In 1967, many drag racing fans were stunned to learn that the Stone, Woods and Cook team were trading in their popular AA/Gas Willys coupe for a fun Mustang car. The team dominated the A/GS ranks with the Swindler A Willys, and many people expected them to continue competing in the Gasser ranks.
But fun car racing was all about the money, and the Pebble, Pulp and Chef gang was ready for a new challenge. So they set the Willys aside in favor of a blown mustang they dubbed Dark Horse 2.
Although the fun fiberglass flip-top style cars were slowly coming into their own, the SWC Mustang wasn’t a flop. Instead, the team assembled a steel Mustang body on a lightweight tubular chassis with a long fiberglass front clip. Driver Doug Cook entered the car through opening doors while the clip could be removed to work on the engine.
Following the same pattern as their famous carburetors, the SWC team selected a blown early Chrysler Hemi for power. Because Stone, Woods and Cook were so successful in the gas classes, some people mistakenly refer to the Mustang as a carburetor. At first the car ran on alcohol, with a dash of nitro. Over time, the team tipped the can and used increasing percentages of nitromethane.
The fun Mustang car immediately followed in the Willys Gasser’s footsteps, winning the 2400lb class at the famous Bakersfield March meeting two days in a row. From there, the team embarked on a fast-paced barnstorming tour that is second to none.
It seemed every drag racing fan wanted to see the Stone, Woods and Cook Mustang in action, and every track owner wanted to fill the stands by booking the match racer. Pick up any copy of the 1967 Drag News and you’re likely to find numerous stories detailing the exploits of Stone, Woods and Cook on various tracks.
In addition to racing at most five-star tracks, Dark Horse 2 also popped up at small hole-in-the-wall venues; Dragstrips with rugged tarmac, dim nighttime lighting, and inadequate turn-off areas. Fans wanted to see Doug Cook in action, and the team was more than willing to oblige.
SWC raced several times a week and competed against most of the famous fun cars of the era and took on the lighter weight injected flip top cars as well as other blown steel bodied entries. Cook hasn’t always won, but he has an impressive win/loss record.
Just when the Stone, Woods and Cook team seemed to be at their best, tragedy struck. A crash destroyed Dark Horse 2 in Alton, Illinois. One of the most popular and respected drag racers of all time, Doug Cook suffered back injuries that ended his racing career.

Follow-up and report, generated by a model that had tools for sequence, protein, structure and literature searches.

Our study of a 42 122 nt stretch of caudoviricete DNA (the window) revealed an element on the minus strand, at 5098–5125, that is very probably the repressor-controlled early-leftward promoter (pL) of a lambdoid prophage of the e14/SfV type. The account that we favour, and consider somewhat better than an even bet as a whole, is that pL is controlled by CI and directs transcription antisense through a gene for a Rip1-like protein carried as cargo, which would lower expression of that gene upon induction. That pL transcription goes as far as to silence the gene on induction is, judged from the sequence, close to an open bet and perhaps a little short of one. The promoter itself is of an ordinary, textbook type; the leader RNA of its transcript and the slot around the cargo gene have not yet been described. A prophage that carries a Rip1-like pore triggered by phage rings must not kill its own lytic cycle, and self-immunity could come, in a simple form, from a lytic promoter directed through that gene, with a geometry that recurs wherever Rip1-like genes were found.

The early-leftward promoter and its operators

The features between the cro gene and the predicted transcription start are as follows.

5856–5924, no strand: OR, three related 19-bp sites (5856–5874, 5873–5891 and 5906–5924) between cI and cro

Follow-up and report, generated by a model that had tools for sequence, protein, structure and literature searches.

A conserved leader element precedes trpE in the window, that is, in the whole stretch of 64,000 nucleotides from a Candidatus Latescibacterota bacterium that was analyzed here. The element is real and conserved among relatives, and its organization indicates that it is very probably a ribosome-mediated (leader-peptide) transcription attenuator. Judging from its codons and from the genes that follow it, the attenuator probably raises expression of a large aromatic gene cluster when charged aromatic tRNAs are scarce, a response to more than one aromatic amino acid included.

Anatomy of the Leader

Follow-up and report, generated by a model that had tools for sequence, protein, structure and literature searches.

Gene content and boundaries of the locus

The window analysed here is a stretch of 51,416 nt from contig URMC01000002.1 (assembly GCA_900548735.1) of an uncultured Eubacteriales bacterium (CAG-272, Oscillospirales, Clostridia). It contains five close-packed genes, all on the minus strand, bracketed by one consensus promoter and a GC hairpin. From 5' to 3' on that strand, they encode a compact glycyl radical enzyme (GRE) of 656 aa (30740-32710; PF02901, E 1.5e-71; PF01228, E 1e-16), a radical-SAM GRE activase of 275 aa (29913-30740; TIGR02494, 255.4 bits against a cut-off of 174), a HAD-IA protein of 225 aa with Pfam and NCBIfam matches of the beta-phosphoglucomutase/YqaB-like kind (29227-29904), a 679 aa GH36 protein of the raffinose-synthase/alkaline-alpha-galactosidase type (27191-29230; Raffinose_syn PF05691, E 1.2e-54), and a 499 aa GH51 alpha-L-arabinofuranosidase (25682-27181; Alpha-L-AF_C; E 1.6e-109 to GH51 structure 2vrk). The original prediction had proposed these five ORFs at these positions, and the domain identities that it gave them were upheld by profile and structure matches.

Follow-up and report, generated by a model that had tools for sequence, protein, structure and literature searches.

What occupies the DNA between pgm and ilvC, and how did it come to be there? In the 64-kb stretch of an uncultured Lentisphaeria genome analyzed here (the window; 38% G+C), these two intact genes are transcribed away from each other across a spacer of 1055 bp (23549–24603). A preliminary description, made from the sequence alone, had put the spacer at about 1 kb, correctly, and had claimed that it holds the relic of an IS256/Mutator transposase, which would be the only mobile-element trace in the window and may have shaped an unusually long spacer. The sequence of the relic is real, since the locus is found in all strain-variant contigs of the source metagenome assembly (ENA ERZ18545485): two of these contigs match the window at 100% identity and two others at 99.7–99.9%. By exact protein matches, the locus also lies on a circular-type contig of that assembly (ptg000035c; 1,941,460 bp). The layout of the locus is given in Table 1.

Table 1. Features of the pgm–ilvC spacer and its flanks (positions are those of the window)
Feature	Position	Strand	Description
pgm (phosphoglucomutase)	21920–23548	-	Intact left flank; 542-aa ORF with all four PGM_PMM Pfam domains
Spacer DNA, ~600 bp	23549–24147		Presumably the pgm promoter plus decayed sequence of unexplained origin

However, Stone, Woods and Cook weren’t done yet. They built a new Mustang that was almost a copy of the original. The Ghost of Dark Horse 2 continued the hot matchrace pace, with a number of hired drivers replacing Cook behind the wheel.
By 1969 even the SWC team couldn’t stay competitive with a steel bodied car and they built a Mustang flopper and gave the driving duties to Dee Keaton. In the early ’70s, Tim Woods built the first fun Pinto car and raced it under the Stone, Woods and Cook banner with Mike VanSant as the pilot. Later still, a Chrysler-powered Corvette-Gasser toured under the banner of Stone, Woods and Cooke. That’s not a typo; On the ‘Vette, the name Cook was spelled with an e at the end. Reportedly, none of the original trio were actively involved in the Corvette.
Eventually, all three members of the colorful team retired from racing. Doug Cook died in 1999.
However, the legacy of Dark Horse 2 continues. Mike Cook, son of the famous driver, is recreating Dark Horse 2. Pictures of the car’s build can be seen on Cook’s website, as can photos of the fully restored Swindler A and Swindler B Willys coupes.
Four decades have passed since the Dark Horse 2 Mustang made its way into drag racing history. It’s nice to know that Mike Cook doesn’t want the famous funny car to be forgotten.